Carrington Research Extension Center


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Long-term Cropping Study - Nitrogen Fertility Revisited


Last month we discussed the impact of tillage system on grain yield.

This month we will look at nitrogen fertility treatments. 

The fertilizer treatments are: (1) urea broadcast applied each spring to all plots, except field peas and soybeans, at 0, 50, 100, or 150 pounds of N per acre and (2) composted beef feedlot manure applied once at 200 pounds of N the first year of each cycle. These treatments are imposed in strips perpendicular to the three tillage systems: conventional, minimum tillage, and no till resulting in 15 sub-plots within each crop. 

Long term cropping study with tillage systems running vertically in the plots and the N fertility rates running laterally in the plots.

Note: Composted manure sunflower plots were negatively impacted by preferential deer grazing most years.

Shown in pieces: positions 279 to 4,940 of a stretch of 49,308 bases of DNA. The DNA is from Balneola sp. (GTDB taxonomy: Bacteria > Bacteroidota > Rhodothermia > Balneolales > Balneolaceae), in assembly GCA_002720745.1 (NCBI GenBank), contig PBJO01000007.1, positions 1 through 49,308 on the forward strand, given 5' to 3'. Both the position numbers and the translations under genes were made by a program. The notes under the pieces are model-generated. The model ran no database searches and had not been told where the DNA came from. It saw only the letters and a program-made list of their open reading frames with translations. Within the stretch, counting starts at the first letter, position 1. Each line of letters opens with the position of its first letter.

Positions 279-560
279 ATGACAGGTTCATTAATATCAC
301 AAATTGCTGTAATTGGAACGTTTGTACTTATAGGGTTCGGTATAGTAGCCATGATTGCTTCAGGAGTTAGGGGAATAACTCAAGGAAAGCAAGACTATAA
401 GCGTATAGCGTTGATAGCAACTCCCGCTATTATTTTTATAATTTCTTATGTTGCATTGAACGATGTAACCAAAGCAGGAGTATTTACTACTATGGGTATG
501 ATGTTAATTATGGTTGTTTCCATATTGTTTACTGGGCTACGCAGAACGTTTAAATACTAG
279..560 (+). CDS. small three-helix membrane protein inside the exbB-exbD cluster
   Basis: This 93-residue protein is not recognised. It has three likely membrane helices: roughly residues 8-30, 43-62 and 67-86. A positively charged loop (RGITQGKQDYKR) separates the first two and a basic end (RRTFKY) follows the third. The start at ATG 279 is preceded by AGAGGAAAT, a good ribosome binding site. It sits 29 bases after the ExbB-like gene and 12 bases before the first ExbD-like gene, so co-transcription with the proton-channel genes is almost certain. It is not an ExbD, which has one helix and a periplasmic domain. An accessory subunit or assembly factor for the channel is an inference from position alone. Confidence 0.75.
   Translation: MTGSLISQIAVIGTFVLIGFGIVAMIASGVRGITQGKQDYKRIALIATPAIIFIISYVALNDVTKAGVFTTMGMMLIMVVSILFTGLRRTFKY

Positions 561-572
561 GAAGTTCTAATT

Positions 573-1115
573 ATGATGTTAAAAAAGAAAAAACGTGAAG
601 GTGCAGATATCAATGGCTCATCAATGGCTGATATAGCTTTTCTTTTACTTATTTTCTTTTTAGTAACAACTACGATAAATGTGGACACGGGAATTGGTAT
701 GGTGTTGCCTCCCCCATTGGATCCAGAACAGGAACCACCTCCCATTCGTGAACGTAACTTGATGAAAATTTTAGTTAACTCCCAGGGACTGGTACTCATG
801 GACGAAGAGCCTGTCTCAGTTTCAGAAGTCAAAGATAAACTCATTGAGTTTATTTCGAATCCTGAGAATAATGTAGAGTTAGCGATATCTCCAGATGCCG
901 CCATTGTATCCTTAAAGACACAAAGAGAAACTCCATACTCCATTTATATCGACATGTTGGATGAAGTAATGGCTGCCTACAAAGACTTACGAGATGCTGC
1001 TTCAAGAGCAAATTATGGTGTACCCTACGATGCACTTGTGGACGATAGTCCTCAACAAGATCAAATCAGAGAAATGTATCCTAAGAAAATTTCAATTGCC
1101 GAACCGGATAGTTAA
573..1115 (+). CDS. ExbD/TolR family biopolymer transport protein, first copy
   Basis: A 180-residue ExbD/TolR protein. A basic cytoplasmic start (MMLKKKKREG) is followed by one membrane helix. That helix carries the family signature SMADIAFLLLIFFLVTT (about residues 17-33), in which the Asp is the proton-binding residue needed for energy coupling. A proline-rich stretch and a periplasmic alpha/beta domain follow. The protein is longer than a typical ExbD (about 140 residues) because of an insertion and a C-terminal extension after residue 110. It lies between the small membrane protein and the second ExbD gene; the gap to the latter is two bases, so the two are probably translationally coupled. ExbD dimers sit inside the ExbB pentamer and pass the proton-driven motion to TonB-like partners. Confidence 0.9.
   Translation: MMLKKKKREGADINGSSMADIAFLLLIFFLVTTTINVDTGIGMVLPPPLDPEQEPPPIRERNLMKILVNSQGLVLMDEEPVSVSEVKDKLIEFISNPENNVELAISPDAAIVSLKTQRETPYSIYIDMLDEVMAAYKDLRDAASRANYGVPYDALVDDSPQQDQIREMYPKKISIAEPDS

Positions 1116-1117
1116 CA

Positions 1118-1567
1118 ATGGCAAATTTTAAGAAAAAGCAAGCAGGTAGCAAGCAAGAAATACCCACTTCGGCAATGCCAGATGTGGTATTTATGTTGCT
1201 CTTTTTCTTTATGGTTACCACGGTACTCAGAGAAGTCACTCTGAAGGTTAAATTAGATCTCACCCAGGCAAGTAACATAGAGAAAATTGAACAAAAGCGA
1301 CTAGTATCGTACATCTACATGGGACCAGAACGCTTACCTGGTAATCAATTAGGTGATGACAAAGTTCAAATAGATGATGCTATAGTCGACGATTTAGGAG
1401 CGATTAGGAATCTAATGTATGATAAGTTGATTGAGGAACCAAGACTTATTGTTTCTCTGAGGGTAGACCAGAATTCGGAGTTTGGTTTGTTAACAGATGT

As shown in this table, cycle eight yield tended to increase with increasing nitrogen rates. The composted manure treatment performed as well as comparable commercial fertilizer rates in the non-legume plots. The yield in field pea and soybeans were higher, possibly due to increased phosphorous and micronutrients allowing nitrogen fixation and nitrogen scavenging from higher organic matter mineralization. However, the protein content of the wheat crops was limited by the composted manure treatment, resulting in a significant price penalty at market. Soybean protein content was lower for the previous 0 & 50 pound rates, and as a result, oil content was higher. However, neither had a negative impact on price received at the elevator.

This is a complex study with many moving parts - please contact me to discuss particular points.

Ezra Aberle
Agronomy Research Specialist

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